Every Drop Counts

Last July, responding to the drought emergency, Governor Newsom asked Californians to cut their water usage by 15% (compared to 2020). Nevertheless, in March, our usage was up 18.7%. Los Angeles, San Bernardino and Ventura counties are under restriction to reduce outdoor watering to once a week, and could face volumetric restrictions. Their water provider asked all Southern Californians to voluntarily slash consumption by 35%. 


By now, many of us have adopted water saving measures by fixing leaky toilets (up to 200 gallons/day), running only full-loads of laundry (with high-efficiency washing-machines), embracing drought-tolerant landscaping, drip-irrigation and mulch to retain humidity, turning faucets off while brushing teeth or shaving, timing our showers to “I Feel Fine” (Beatles), and gawking at the bathtub with shameful envy. What’s next? 


Beyond attracting rebates (check on SoCalWaterSmart.com), upgraded appliances and bathroom fixtures will save gallons. An old toilet can waste 6 gallons/flush, while newer models use 1.28 gallons/flush. The Niagara Stealth, an ultra-high-efficiency toilet, uses only 0.8 gallons/flush. An old shower head can use 2.5 gallon/minute (GPM), while newer options include guilt-free 1.8 to 1 GPM with pressure-compensated flow rate. 

Shirley King with her 200-gallon rain barrel. Photo by Art Olson.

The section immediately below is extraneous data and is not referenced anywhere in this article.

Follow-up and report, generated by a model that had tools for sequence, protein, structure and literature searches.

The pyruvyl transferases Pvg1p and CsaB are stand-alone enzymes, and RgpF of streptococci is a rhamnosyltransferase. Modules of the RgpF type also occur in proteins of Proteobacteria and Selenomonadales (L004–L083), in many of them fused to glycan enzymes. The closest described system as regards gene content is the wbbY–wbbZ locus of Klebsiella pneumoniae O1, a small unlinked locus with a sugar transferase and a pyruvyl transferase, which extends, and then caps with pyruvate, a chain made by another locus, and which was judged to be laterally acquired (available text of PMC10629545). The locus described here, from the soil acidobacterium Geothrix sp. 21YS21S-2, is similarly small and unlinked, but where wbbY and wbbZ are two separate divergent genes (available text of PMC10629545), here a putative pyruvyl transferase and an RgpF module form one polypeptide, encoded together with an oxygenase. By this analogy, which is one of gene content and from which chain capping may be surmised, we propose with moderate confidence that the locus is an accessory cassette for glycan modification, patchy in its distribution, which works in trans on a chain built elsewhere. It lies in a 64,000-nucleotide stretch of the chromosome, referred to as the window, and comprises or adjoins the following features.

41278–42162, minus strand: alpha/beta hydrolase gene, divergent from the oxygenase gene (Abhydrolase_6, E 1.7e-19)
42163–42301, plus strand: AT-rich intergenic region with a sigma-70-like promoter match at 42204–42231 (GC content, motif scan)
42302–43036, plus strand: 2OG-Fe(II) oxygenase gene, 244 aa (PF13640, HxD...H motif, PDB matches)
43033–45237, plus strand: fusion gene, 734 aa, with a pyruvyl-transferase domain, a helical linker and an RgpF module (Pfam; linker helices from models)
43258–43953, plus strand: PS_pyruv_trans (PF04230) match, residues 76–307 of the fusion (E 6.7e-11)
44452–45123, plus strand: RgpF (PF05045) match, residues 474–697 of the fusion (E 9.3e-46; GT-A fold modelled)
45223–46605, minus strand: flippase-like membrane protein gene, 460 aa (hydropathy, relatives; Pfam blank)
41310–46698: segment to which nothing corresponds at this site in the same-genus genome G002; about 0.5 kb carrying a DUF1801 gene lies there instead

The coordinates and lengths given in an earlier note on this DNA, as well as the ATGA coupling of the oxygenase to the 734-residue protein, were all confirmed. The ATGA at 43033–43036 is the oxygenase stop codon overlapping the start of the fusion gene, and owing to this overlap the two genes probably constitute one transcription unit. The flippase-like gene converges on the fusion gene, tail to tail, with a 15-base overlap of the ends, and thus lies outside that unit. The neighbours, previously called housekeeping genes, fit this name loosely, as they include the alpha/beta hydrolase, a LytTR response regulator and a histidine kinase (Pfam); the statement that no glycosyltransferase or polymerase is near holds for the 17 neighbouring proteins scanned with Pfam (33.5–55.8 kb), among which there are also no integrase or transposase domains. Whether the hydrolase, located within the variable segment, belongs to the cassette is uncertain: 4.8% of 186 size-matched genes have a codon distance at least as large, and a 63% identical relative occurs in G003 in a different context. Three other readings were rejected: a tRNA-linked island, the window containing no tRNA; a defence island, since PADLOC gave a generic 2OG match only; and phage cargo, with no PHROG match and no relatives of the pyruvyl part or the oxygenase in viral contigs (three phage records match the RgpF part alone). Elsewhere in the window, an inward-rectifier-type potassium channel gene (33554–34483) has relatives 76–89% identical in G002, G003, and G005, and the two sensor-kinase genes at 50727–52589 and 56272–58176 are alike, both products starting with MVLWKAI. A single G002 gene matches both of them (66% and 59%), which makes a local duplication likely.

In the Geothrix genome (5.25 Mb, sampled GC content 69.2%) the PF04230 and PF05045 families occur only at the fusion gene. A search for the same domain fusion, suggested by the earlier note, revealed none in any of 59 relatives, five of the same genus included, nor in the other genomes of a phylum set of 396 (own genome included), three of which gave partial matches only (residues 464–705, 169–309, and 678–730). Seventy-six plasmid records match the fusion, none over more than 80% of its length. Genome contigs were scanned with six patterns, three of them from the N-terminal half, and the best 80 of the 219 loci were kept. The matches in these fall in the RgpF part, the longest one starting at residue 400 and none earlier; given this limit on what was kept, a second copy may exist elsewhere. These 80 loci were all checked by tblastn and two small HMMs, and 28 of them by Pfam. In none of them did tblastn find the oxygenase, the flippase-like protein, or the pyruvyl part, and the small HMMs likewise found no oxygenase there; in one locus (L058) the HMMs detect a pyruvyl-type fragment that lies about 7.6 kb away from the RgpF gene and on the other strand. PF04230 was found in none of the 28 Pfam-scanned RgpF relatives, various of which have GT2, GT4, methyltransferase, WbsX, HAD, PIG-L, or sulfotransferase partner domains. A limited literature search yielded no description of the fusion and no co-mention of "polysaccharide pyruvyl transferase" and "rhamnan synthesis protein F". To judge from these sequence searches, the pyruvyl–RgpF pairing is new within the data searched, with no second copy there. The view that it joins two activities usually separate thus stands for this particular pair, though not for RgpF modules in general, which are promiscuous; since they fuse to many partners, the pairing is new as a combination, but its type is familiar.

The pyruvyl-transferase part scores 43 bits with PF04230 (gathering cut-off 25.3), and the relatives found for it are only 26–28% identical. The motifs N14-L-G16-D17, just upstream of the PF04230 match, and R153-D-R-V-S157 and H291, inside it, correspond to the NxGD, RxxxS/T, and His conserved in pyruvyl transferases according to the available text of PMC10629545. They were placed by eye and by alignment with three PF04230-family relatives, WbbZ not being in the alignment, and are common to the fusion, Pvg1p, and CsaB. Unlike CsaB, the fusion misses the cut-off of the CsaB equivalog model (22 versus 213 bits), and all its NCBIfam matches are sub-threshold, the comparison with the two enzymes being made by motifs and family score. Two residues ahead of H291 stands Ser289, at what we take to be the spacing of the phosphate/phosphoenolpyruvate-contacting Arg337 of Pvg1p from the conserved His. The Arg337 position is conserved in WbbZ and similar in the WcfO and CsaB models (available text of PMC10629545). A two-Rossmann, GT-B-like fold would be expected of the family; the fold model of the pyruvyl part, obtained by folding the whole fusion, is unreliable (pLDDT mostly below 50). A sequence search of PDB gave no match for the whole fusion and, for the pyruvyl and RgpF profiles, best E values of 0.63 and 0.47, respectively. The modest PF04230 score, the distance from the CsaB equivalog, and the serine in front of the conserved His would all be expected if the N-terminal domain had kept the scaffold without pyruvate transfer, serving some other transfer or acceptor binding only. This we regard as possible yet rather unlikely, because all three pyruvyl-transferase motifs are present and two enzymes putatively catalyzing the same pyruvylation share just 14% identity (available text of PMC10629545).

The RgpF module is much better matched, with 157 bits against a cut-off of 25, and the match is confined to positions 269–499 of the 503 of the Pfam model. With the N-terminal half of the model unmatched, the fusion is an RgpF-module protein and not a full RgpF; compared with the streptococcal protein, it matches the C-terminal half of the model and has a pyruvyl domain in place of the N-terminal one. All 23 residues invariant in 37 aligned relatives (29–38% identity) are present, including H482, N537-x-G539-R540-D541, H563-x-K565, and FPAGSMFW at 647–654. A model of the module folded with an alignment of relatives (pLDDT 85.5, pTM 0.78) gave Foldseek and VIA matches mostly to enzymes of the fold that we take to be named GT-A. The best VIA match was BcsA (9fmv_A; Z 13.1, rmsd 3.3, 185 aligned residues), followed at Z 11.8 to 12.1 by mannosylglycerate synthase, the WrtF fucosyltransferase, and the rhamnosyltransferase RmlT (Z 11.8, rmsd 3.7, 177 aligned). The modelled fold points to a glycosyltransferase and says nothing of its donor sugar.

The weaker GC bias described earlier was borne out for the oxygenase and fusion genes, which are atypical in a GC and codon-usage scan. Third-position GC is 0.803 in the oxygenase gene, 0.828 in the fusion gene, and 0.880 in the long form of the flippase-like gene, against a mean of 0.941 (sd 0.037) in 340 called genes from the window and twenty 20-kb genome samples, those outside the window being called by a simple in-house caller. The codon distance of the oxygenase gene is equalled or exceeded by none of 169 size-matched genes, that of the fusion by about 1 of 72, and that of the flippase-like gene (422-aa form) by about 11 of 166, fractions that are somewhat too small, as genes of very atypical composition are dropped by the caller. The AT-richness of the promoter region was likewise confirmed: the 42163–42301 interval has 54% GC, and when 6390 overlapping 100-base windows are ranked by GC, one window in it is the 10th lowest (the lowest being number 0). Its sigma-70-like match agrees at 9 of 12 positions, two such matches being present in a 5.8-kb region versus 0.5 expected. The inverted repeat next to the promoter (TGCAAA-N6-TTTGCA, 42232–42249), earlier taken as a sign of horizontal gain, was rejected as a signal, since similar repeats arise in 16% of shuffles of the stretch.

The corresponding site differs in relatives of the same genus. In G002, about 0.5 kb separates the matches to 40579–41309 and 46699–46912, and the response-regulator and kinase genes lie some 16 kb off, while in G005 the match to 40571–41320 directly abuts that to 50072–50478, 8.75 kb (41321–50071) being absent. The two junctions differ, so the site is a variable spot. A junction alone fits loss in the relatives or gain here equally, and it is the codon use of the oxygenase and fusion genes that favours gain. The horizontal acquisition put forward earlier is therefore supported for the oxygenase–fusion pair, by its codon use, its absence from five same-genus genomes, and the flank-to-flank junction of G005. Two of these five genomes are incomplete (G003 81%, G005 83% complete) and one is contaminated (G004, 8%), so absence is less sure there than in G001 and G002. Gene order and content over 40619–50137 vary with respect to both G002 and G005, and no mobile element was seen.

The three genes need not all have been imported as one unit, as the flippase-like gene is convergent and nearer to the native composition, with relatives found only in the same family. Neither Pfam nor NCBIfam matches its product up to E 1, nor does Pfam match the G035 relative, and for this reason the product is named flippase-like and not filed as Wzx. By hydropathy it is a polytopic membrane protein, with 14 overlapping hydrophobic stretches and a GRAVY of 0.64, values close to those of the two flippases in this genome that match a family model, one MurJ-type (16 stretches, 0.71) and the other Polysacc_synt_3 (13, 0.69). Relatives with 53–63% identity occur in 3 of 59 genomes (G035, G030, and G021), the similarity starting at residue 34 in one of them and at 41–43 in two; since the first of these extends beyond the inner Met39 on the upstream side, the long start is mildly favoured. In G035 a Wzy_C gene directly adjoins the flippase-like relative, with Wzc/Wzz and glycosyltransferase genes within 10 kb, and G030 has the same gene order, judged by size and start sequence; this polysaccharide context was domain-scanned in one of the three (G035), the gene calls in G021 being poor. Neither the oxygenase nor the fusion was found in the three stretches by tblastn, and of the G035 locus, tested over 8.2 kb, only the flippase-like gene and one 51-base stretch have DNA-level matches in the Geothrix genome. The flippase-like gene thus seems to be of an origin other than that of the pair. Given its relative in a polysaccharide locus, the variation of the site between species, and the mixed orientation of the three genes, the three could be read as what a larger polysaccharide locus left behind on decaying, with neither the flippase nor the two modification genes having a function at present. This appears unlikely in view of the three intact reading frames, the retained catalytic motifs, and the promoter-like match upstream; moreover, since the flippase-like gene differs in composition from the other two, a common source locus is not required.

What about dishwashing? Knowing that a faucet flows at 1.8 GPM will make one reconsider hand washing dishes. An EnergyStar certified dishwasher uses about 3.2 gallons/cycle. Running the sink for couple of minutes to hand wash equals an entire dishwasher cycle. So, let’s load up!

Since our gardens make for 53% of our consumption (2011, California Department of Water Resources), it sounds reasonable to irrigate with rainwater and gray water. Using rain barrels for irrigation works beautifully in Del Mar! Shirley King, Del Mar resident, has four barrels (total 360 gallons). Despite poor rainfall, she has been able to avoid using new water for half a year, with more to spare! Following specific City guidelines, redirecting laundry water could save an estimated 4,000 gallons/year. It is also possible to redirect gray water from showers and bathroom sinks, following permitting requirements. To top it off, condenser clothes dryers extract moisture and generate more collectable water for the garden!

Manually collecting gray water inside our homes allows to water houseplants or thirsty gardens, and to rinse dishes before loading the dishwasher:

  • When waiting for hot water in the shower, collect cold water in a bucket.
  • Wash your veggies in a large bowl to collect the water.
  • Use your dehumidifier water.

As of writing, Drought.gov indicated that 95.18% of the state is under severe drought, 60.97% in extreme drought. Let us pitch in with meaningful ways to reduce our consumption.